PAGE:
Three quarters of UK firms unprepared for NIS2 regulations, study finds

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Three-quarters of UK organizations have yet to complete preparations for the EU’s Network and Information Security Directive (NIS2), according to a new study. 

With just one year to go until the deadline for implementation, a majority of UK organizations are yet to fully address and compensate for the five key compliance requirements outlined in the new regulations, SailPoint found. 

The new rules are an updated version of previous NIS regulations, introduced by the EU in 2018. 

NIS2 essentially aims to build on the previous regulations and implement more robust cyber security and resilience standards among EU organizations, as well as more stringent reporting measures in the event of a security incident. 

Under the updated regulations, all public and private entities operating in the EU will be required to adhere to new standards. The regulations specifically target organizations working in critical infrastructure sectors, such as energy, finance, and healthcare. 

SailPoint’s study, based on a survey of 1,500 IT decision makers across the UK, France, and Germany, found that many UK firms have yet to even begin preparations for the new rules. 

Four in five (80%) revealed they still need to properly secure supply chains while three-quarters (76%) said they have yet to assess the efficiency of existing cyber security measures.

Three-quarters of organizations also need to add new risk management measures (74%), implement HR security (76%), or provide cyber security training to staff (72%).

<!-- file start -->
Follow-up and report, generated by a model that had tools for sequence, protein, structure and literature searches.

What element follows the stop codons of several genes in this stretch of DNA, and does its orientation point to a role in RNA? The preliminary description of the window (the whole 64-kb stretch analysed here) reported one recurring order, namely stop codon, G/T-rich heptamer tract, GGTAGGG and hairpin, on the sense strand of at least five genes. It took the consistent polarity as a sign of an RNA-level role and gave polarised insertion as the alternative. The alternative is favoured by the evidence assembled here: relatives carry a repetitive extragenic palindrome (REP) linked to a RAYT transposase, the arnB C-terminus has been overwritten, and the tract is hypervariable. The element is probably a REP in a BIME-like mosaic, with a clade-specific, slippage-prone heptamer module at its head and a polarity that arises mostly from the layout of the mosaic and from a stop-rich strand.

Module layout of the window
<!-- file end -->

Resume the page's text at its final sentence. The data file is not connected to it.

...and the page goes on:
SailPoint warned that those who fail to comply with the new obligations could face harsh penalties. Organizations can face fines of up to €10 million for non-compliance, or the equivalent of 2% of their annual turnover. 

“With just one year to go, businesses must put their foot to the floor when it comes to NIS2 compliance and get ahead on their cyber preparation,” said Stephen Bradford, senior vice president for EMEA at SailPoint.

“The threat landscape has been growing in volume and sophistication over recent years meaning the stakes have never been higher. Operational downtime, reputational damage, customer loss, and system restoration that follow any breach can cause a real headache for businesses."

Bradford said the current lax approach among some UK organizations bears similarities to the months preceding the implementation of the EU’s General Data Protection Regulation (GDPR). 


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He urged that businesses “must learn from GDPR” and use the next 12 months to ensure cyber resilience “is at the core of the business models” to avoid falling foul of the regulations. 

This is particularly important given certain aspects of the regulations pertaining to personal liability. 

Under the new rules, senior management could be held liable for cyber security failings and regulatory infringements if their organization does not comply with its obligations. 

Ross Kelly
News and Analysis Editor

Ross Kelly is ITPro's News & Analysis Editor, responsible for leading the brand's news output and in-depth reporting on the latest stories from across the business technology landscape. Ross was previously a Staff Writer, during which time he developed a keen interest in cyber security, business leadership, and emerging technologies.

He graduated from Edinburgh Napier University in 2016 with a BA (Hons) in Journalism, and joined ITPro in 2022 after four years working in technology conference research.

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